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Find Good Reading » Blog Archive » Should You Treat Your Endometriosis with Hormone Therapy?

Should You Treat Your Endometriosis with Hormone Therapy?

Researchers are still not sure what causes endometriosis, but it is clear that the female sex hormone estrogen, which stops being produced during menopause, feeds the growth of abnormal endometrial tissue.

Unfortunately, for most young teens and women in their reproductive years, menopause is still many years away, which means they are left to deal with the painful symptoms of endometriosis, with no relief in sight. Thus, what is often recommended for many non-menopausal women is hormone therapy.

Hormone therapy is one of the most successful treatments for endometriosis, as it helps around 80-90% of the women who take it. Hormone therapy controls estrogen, helping to alleviate pain caused by endometriosis. It can also reduce the size and amount of endometrial implants, stopping endometriosis from spreading.

However, it is important to note that hormone therapy does not improve a woman’s fertility. Therefore, if you are concerned about infertility or wish to become pregnant, these therapies are not an option for you. Moreover, young teenage girls, who have not reached the end of puberty, are usually unable to take this form of treatment, as it poses a risk to their development.

In addition, there are various types of hormone therapy and each woman responds to treatment differently. Furthermore, like taking any medication, there are always pros and cons that need to be carefully considered.

The following is information about the most popular forms of hormone therapies used to treat endometriosis:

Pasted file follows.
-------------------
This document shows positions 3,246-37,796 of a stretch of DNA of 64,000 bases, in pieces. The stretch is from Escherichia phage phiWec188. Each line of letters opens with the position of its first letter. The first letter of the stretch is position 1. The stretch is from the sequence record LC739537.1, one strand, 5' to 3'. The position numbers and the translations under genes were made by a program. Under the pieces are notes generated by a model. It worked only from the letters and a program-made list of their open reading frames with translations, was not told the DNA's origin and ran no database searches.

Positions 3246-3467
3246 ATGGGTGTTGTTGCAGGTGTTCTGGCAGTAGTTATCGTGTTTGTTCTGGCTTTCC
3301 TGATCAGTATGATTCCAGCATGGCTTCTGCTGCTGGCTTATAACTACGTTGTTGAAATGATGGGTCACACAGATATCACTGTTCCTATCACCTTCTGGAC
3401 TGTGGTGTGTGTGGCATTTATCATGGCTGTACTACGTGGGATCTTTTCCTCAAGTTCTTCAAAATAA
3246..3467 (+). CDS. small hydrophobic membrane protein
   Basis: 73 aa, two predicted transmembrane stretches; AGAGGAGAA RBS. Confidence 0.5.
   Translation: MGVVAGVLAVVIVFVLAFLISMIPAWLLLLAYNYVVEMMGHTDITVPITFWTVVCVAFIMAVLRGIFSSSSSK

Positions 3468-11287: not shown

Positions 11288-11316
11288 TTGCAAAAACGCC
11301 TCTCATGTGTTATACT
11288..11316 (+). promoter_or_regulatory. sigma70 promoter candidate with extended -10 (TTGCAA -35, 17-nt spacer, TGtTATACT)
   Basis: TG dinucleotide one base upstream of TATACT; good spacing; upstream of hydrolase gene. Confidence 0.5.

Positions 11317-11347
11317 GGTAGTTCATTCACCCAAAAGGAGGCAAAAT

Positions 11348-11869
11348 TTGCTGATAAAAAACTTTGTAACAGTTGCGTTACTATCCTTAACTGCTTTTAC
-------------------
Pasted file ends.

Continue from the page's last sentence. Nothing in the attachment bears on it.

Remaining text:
Birth control pills – This is the most popular therapy and is considered safe to use for long term use. A woman can generally use it until menopause. Birth control pills are designed to control menses and stop ovulation. Without ovulation, endometrial implants can no longer grow and will shrink.

Birth control pills lower the risk of ovarian cancer, and are generally safe for most women. This therapy is available in pill, skin patch or vaginal ring form. It has few negative side effects including headaches, nausea, breast tenderness, depression, mood swings, and irregular, light or absent menses. It also increases the risk of blood clots and slightly increases the risk of breast cancer.

Gonadotropin-releasing hormone agonist (GnRH-a) – This therapy decreases estrogen levels to those experienced after menopause, and can only be taken for the short term (no more than 6 months). GnRH-a increases the risk of bone loss, which can cause osteroporosis, and is why it is usually taken with progestin to help prevent thinning of bones and other menopausal symptoms. GnRH-a is often used to help prolong the relief of endometriosis pain after surgery, as it works to prevent the return of endometriosis.

High dose progestin – This therapy is taken in the form of pills or a shot. It is designed to produce progestin levels in the body that mirror pregnancy. This therapy ceases monthly ovulation, and decreases estrogen which allows endometriosis growths to shrink, alleviating pain in most women. Progestin can be taken for long term (usually no more than 2 years).

The side effects of progestin include depression, bloating, breast tenderness, weight gain, light or absent menses, risk of bone loss if taken for longer than 2 years, and fertility can take up to a year or longer before it returns.

Danazol – This therapy decreases estrogen levels and increases the level of androgen (male) hormones. Danazol also puts the body into a menopause-like state. Although it effectively shrinks endometrial growths and reduces pain, its side effects can include muscle cramps, weight gain, acne, skin rash, oily hair and skin, decrease in breast size, facial and body hair, and even voice deepening. To make matters worse, most of these male-transforming side effects can be permanent.

Danazol is often short term therapy, and is usually the last doctors will recommend.

Talk to your doctor to find out if hormone therapy is right for you.

For other endometriosis treatments or for details about treating endometriosis symptoms naturally, please visit Treating Your Endometriosis and sign up for a free newsletter.

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